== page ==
Despite a 13 percent decrease in volumes, in the six months up to the end of June, Norwegian seafood exports were worth NOK 51.2 billion – up 7 percent in value compared to the same period in 2018.
“In value terms, this is a new record for Norwegian seafood exports in a six month period. Norwegian salmon accounts for about two-thirds of the growth in value this half-year,” said Tom-Jørgen Gangsø, director of market insight and market access with the Norwegian Seafood Council (NSC).
Salmon exports in the first half of the year reached 506,000 tonnes, worth NOK 34.6 billion – an increase of 5 percent in volume and 6 percent in value compared with the first half of 2018. Poland, France and Denmark were the largest recipients of salmon from Norway in the first half of 2019.
“We have seen stronger production outputs of salmon in the first half of the year than was expected at the beginning of the year. At the same time, we have experienced a growth in demand, especially from the EU and Asia.
“The growth in demand, together with a weak krone, explains why we have also experienced price inflation, while volumes have increased,” says Gangsø.
One of the largest increases in demand came from China, which imported 12,130 tonnes of fresh salmon during the first six months of the year – more than was exported in the whole of 2018.
“We are now seeing considerably more Norwegian salmon making its way to China. These increased exports are mainly due to improving market access in the form of more efficient trading, as well as new manufacturers gaining access to the market. On average, about 200 tonnes more Norwegian salmon are entering China each week than during the same period in 2018,” says Victoria Braathen, part of NSC’s trade mission in China.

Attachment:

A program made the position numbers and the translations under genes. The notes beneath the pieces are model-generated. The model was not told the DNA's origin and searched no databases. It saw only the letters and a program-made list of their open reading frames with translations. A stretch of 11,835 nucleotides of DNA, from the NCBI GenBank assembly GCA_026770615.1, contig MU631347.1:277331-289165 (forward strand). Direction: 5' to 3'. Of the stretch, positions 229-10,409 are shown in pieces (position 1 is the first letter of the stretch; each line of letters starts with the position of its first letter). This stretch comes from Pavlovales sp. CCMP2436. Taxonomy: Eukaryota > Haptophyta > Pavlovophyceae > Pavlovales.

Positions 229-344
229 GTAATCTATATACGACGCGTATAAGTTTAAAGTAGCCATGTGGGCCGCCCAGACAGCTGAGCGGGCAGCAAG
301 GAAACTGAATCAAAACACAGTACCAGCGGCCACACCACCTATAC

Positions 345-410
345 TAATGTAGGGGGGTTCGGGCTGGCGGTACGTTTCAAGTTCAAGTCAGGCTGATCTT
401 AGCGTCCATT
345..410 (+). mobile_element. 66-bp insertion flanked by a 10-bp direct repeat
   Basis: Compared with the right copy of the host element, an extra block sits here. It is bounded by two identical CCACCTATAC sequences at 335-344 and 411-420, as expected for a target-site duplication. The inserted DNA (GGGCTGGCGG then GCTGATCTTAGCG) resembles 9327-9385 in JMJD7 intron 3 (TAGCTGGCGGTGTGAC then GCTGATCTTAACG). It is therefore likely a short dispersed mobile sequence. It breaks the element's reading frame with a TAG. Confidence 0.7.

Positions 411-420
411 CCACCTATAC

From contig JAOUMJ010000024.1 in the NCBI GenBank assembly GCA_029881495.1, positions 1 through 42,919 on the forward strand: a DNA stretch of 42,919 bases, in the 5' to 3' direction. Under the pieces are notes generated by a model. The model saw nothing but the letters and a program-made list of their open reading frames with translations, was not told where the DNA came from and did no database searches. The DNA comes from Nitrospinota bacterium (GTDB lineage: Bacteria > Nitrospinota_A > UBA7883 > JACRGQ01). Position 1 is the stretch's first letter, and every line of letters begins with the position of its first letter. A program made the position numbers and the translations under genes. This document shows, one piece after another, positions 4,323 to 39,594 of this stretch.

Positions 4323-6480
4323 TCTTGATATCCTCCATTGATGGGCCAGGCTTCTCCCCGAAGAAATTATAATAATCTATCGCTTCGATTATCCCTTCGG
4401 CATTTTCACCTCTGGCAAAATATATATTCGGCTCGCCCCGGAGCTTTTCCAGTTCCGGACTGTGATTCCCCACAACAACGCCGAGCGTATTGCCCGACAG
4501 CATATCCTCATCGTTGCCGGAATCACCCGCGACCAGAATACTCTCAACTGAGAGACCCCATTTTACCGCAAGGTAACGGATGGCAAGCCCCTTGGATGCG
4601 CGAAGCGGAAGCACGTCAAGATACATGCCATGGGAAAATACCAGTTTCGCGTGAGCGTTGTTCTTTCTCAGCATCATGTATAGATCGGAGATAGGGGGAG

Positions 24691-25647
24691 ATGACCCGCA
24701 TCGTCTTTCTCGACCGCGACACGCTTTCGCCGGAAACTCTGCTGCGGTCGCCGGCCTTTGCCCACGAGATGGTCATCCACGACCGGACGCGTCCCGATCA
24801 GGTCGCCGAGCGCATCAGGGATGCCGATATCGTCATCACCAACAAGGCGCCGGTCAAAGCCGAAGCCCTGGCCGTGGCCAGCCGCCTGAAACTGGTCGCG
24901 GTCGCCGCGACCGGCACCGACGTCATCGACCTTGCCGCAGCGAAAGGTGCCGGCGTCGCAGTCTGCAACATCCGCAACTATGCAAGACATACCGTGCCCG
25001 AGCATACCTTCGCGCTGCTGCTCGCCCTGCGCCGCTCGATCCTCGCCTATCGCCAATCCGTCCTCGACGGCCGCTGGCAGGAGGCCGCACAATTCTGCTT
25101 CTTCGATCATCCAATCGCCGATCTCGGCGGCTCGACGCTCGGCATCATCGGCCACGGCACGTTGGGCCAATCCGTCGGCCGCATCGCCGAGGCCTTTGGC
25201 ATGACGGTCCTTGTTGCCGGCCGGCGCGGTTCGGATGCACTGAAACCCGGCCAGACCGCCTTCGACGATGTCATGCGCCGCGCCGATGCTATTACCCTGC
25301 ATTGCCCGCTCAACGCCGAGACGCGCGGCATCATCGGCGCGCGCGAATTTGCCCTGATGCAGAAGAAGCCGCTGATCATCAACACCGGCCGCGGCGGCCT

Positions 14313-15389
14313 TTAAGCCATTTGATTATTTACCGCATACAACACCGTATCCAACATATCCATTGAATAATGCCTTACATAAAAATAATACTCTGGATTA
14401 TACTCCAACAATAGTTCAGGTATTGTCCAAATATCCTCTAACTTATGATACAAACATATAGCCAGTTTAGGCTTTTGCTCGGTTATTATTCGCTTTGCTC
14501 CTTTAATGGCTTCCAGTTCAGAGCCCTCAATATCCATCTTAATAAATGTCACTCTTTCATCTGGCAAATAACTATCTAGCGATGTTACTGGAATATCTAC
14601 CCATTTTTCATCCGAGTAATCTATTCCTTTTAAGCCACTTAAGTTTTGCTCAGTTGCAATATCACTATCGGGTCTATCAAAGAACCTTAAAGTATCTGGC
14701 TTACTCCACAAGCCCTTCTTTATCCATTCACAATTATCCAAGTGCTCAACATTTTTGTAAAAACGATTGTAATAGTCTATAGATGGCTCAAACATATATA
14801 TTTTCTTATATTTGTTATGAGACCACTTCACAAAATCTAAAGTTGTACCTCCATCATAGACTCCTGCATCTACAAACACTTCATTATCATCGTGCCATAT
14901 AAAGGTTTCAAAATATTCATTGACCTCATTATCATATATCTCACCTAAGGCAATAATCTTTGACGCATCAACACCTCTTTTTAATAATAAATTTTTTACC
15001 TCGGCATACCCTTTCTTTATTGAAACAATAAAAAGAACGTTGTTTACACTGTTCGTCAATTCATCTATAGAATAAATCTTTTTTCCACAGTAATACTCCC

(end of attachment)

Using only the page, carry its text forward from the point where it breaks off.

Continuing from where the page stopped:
“If present trends continue, we can project that Norway will export more than 20,000 tonnes of salmon to China during 2019. Norway continues to strengthen its position and take an increasing share of the rising demand in the market.”
Meanwhile the volume of trout exports rose by 19 percent, to reach 24,700 tonnes, with the US, Belarus and Thailand the largest markets. There was a 20 percent growth in value, which reached NOK 1.7 billion.
"In addition to volume growth, there has also been a shift towards exports of fillet of trout in the first half of 2019. We see growth in the US market, where Norwegian trout is gaining ground, as a result of increased accessibility in both the retail trade and in the restaurant market,” says Gangsø.
“The volume increase has led to somewhat lower prices for both fresh and frozen whole fish, but at the same time we see that fillet prices have increased. Some of this can probably be explained by the fact that the Norwegian kroner is particularly weak against the dollar.”